>> Thursday, January 17, 2013
Sixty-three percent of registered voters in the U.S. buy into at least one political conspiracy theory, according to results from a recent Fairleigh Dickinson University PublicMind Poll. The nationwide survey of registered voters asked Americans to evaluate four different political conspiracy theories: 56 percent of Democrats and 75 percent of Republicans say that at least one is likely true. This includes 36 percent who think that President Obama is hiding information about his background and early life, 25 percent who think that the government knew about 9/11 in advance, and 19 percent who think the 2012 Presidential election was stolen.Generally, the more people know about current events, the less likely they are to believe in conspiracy theories – but not among Republicans, where more knowledge leads to greater belief in political conspiracies.
The most popular of these conspiracy theories is the belief that President Obama is hiding important information about his background and early life, which would include what’s often referred to “birtherism.” Thirty-six percent of Americans think this is probably true, including 64 percent of Republicans and 14 percent of Democrats.
However, belief in such conspiracies is not limited to the political right. Twenty-five percent of registered voters think it’s probably true that President Bush knew about the 9/11terrorist attacks before they happened, a figure that includes 36 percent of Democrats. Similarly,23 percent of those interviewed say that President Bush’s supporters committed significant voter fraud to win him the 2004 Presidential election in Ohio. Belief in this conspiracy theory is highest among Democrats, (37 percent say it is likely true), though 17 percent of independents and 9 percent of Republicans think so as well.- "Conspiracy Theories Prosper: 25% Of Americans Are 'Truthers'",Fairleigh Dickinson University press release, January 17th, 2013.
I've seriously been trying to figure out what's going on there since reading about this poll in Salon this morning. My suspicion is that there's some bias going on here that Fairleigh Dickinson is trying to spin with a kind of feint at objectivity; i.e. the real point of what they were trying to do is to show that way too many Republicans are crazy (or at least ignorant) birthers, but since they don't want to come off like they're picking on anybody, they throw in a couple of "crazy" things liberals believe in to say, "Hey, see, we're equal opportunity nut-counters!"
The thing is, the liberal crazy talk they went for includes one seriously crazy idea that has some currency among the fringe left and paranoid libertarian right, and a not-so-crazy idea that has roots in an admittedly partisan Congressional committee staff investigation (PDF link) and investigative reporting (including a thoroughly-researched and somewhat infamous piece by the admittedly flaky Robert F. Kennedy, Jr. for Rolling Stone; the archived version of the piece is now behind Rolling Stone's paywall, but this analysis by Dan Tokaji highlights some of the virtues and failings of RFK Jr.'s work).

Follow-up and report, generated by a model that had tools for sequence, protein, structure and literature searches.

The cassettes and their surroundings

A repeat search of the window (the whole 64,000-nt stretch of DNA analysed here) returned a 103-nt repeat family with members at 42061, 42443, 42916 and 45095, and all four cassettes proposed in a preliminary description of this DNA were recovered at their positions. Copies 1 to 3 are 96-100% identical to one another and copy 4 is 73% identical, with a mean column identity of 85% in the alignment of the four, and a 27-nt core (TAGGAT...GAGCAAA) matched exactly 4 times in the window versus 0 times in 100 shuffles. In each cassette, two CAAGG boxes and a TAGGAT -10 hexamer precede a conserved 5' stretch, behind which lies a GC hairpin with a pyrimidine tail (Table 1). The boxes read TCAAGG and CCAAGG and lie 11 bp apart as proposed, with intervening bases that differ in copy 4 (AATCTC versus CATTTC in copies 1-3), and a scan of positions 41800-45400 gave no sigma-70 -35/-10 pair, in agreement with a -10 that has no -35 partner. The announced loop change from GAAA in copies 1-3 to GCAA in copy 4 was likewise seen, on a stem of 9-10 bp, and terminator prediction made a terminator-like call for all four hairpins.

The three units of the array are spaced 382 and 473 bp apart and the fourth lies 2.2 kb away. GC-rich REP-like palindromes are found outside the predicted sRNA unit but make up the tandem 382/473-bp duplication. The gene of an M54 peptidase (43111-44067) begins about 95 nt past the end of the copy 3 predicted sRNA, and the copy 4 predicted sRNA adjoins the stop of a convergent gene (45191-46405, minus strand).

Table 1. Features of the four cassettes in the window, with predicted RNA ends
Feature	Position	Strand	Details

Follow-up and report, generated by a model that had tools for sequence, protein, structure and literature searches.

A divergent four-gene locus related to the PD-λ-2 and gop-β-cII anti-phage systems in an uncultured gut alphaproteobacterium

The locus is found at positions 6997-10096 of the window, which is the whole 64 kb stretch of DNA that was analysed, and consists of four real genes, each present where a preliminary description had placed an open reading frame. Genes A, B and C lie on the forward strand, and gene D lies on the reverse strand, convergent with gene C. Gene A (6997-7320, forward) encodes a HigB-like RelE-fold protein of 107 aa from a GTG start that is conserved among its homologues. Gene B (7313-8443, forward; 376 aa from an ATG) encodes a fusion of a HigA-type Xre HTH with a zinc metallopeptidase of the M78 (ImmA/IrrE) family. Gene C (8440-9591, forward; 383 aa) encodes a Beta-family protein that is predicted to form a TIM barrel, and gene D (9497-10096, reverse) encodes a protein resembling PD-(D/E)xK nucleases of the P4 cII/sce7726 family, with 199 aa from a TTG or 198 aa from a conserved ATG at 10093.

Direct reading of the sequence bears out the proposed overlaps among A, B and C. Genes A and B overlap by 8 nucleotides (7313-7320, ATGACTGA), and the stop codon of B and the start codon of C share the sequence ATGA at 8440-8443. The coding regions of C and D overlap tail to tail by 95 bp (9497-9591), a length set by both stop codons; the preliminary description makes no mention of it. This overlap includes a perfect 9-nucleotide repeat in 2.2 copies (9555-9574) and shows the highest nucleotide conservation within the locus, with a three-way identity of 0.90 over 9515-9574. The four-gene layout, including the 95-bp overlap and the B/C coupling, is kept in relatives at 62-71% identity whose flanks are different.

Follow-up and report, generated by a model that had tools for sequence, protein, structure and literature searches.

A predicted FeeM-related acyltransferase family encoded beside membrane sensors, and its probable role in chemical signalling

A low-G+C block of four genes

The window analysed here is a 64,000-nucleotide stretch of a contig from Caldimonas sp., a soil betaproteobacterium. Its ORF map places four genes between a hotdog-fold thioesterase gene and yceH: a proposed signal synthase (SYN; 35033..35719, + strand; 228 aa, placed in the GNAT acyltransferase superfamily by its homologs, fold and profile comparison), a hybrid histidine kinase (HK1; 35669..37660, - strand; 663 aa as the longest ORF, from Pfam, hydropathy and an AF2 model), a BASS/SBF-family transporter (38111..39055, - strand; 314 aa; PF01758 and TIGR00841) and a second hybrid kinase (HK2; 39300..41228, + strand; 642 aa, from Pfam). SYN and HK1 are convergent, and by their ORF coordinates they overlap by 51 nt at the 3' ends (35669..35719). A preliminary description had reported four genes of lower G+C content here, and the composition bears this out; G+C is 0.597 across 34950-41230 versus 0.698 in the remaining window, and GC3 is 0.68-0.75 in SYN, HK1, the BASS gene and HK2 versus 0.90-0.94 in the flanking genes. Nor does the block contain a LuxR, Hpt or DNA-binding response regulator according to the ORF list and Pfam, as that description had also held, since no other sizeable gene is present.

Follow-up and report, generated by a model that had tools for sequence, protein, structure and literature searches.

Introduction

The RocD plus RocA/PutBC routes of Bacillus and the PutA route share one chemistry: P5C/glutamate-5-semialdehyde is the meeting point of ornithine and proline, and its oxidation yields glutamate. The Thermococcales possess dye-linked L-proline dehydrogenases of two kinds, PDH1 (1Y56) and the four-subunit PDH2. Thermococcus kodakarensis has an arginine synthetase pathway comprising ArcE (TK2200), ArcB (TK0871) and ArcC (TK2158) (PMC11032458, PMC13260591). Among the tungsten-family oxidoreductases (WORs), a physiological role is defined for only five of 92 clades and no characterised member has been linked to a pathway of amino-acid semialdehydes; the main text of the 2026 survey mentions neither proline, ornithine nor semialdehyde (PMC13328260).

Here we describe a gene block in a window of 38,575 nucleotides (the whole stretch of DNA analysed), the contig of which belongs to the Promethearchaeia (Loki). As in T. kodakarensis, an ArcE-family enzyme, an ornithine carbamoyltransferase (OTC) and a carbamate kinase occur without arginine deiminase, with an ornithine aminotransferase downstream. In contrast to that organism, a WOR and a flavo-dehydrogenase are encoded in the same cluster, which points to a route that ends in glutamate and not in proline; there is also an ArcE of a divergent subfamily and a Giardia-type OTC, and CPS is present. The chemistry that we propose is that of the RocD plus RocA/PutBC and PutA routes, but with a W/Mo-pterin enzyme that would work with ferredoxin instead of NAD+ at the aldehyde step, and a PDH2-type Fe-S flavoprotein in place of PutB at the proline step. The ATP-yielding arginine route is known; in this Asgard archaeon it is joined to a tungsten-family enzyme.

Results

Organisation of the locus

I would like to be utterly clear that I'm not saying that the 2004 Presidential election in Ohio was stolen. But I'm also obligated to point out that it's not necessarily crazy to think that it might have been.
Which makes it a different beast than the three cryptids FDU uses to round out their poll.
Those would be (1) the allegation that President Bush had foreknowledge of the 9/11 attacks; (2) that President Obama is hiding important information about his early background and life; and (3) President Obama's supporters committed significant voter fraud in the 2012 Presidential election.
Indeed, as I type these out, I can't help noticing that they're all different beasts, really. We have one assertion that's fairly thoroughly debunked and wasn't terribly plausible to start with, an assertion that's vague and improbable to the extent it's relevant to anything at all, and a vague assertion that can't fairly be assigned and probability at all and so far as I know hasn't been particularly investigated one way or another (but may not be inherently irrational, anyway).
I think it just has to be said that the September 11th, 2001 attacks on Americans have been thoroughly investigated, have been looked at from quite a lot of angles by quite a lot of people, and there's just no plausible argument whatsoever that the Bush Administration had foreknowledge of the attacks in the kind of context the FDU survey seems to imply. That is, it's clear that there were some bureaucratic foul-ups and entanglements that led to some information that might have prevented the events not landing on the right desks or being evaluated in what, in retrospect, might have been a preferable manner; and it appears that the Bush Administration made an at the time justifiable policy decision that in retrospect seems to have been mistaken not to prioritize the infamous August 6th, 2001 Presidential Briefing and may have chosen the assessments of Pentagon analysts who underestimated Osama bin Laden's threat to the country over assessments from the CIA. Which, you know, looks like some bad calls in hindsight, but I think we have to understand that there are Presidential decisions that look bad from any reasonable perspective--invading Iraq without an exit plan comes to mind as an obvious example--and Presidential decisions that might have seemed reasonable at the time but look pretty terrible in the rearview (not irrelevantly, that list happens to include doing nearly almost everything the CIA has ever thought was a good idea, so I find the Bush Administration's decision to ignore the CIA one of the fewish times they happened to be right about a national security issue more ironic than awful).